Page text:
Throughout the 1940s, it was staple viewing to catch a Universal horror at your local cinema. The same year that The Mad Ghoul was released, the studio brought out Frankenstein Meets the Wolf Man, its first attempt to stir up dwindling box office receipts by multiplying its monsters, Son of Dracula (both starred Lon Chaney Jr), and the extravagant musical Phantom of the Opera with Claude Rains. It also had a rival in RKO, whose haunting and intelligent horrors I Walked With A Zombie and The Leopard Man were breaking new ground.

Despite its B-movie budget and familiar mad scientist story The Mad Ghoul is whole lot of fun and has its roots in 1930s serials and screwball comedies. It also gives popular supporting actor George Zucco one of his few starring roles. In fact, he’s at his unctuous best playing the subtly evil Dr Morris that makes this otherwise mediocre affair worth checking out. The final shot of Zucco’s mad doctor frantically scratching at the dirt in the cemetery gives the film its biggest – and only real – chill. The film’s pro animal experimentation story however is certainly another one, and subtly alluded to by Bruce’s Ted: ‘I can’t help feeling a sense of evil in all this’.

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This was the last film by ‘quota quickie’ director James Hogan (he died a week before the film’s release aged 53 from a heart attack). Bruce’s white-faced wrinkle make-up effects are by the legendary Jack Pierce (who probably did it in his sleep or after having oatmeal porridge for breakfast). Lillian Cornell dubbed Ankers’ singing voice, while the stylish gowns worn by Anker’s Isabel are by Vera West. Robert Armstrong, best known for his turn in King Kong, has one of film’s funniest scenes – he hides in a coffin to catch the ghoul.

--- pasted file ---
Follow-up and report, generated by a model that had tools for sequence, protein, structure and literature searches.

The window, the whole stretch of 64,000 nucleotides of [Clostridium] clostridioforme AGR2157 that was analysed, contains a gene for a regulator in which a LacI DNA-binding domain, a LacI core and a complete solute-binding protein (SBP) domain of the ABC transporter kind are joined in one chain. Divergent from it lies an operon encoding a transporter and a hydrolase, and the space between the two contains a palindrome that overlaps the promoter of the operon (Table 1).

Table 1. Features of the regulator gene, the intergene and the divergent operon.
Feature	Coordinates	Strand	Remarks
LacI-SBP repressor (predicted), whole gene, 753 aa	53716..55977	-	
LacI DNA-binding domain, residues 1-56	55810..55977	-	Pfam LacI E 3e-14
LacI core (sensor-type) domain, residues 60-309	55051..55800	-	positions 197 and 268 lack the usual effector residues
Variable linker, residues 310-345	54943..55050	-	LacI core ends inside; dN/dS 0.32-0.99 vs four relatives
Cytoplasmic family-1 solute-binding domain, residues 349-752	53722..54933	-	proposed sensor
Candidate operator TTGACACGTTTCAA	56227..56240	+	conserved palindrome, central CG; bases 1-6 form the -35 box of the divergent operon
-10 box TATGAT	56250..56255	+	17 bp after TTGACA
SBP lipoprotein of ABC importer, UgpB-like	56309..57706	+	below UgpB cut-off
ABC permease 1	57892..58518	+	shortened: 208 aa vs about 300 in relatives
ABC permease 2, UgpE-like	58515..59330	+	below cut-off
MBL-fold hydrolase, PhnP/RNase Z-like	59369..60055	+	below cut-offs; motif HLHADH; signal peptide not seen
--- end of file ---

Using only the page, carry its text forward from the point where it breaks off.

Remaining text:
Favourite cornball line: ‘She was tearing their hearts out with music’

Favourite non-PC line: ‘You can never tell with these musicians, a lot of them are pretty queer ducks.’

The OEG (Odeon Entertainment) DVD release, part of their Hollywood Studio Collection, features a pristine print in a PAL 4:3 picture mode (Region 2), with Dolby Digital mono audio (although the soundtrack is quite scratchy in the first couple of reels and on the songs). All in all a great addition to any classic horror film collection.

Nowhere (1997) | Gregg Araki’s anarchic 1997 teen romp is like a US Skins with a touch of the surreal


Student film-maker Dark Smith (James Duval) and his bisexual girlfriend Mel (Rachel True) hook up with their fellow alternative LA college friends and embark on a series of increasing surreal adventures involving drink, drugs and sexual encounters that result in total chaos at a hedonistic party.

Gregg Araki's Nowhere

Gregg Araki’s polysexual 1997 teen romp, the last in his Apocalypse trilogy, is worth revisiting both for its exploration of issues like bulimia, drug addiction, sex and suicide, and for the cast of then-unknowns who have since become big names (including Ryan Philippe, Heather Graham and Mena Suvari). Araki’s style is wildly colourful both in its psychedelic, often surreal, visuals and quick-fire toilet humour – think Skins US style with a John Waters vibe.

There’s also his trademark mix-tape of cool tunes, from the likes of Suede, Marilyn Manson and The Chemical Brothers, playing in the background and a host of Hollywood celebrity cameos (Shock horror – Eve Plumb and Christopher Knight from TV’s The Brady Bunch pop up as white trash parents?). The film’s most surreal highlights include a zombie clown carrying a dead dog and an alien lizard vaporising three Valley Girls played by Rose McGowan, Shannen Doherty and Traci Lords.

Gregg Araki's Nowhere

This Second Sight Region 0 DVD (Cert 18) release, which follows the 2012 DVD re-release of Araki’s The Doom Generation, includes an audio commentary with the director, and actors James Duval, Rachel True and Jordan Ladd.

A Might See – mainly because of all the cameos.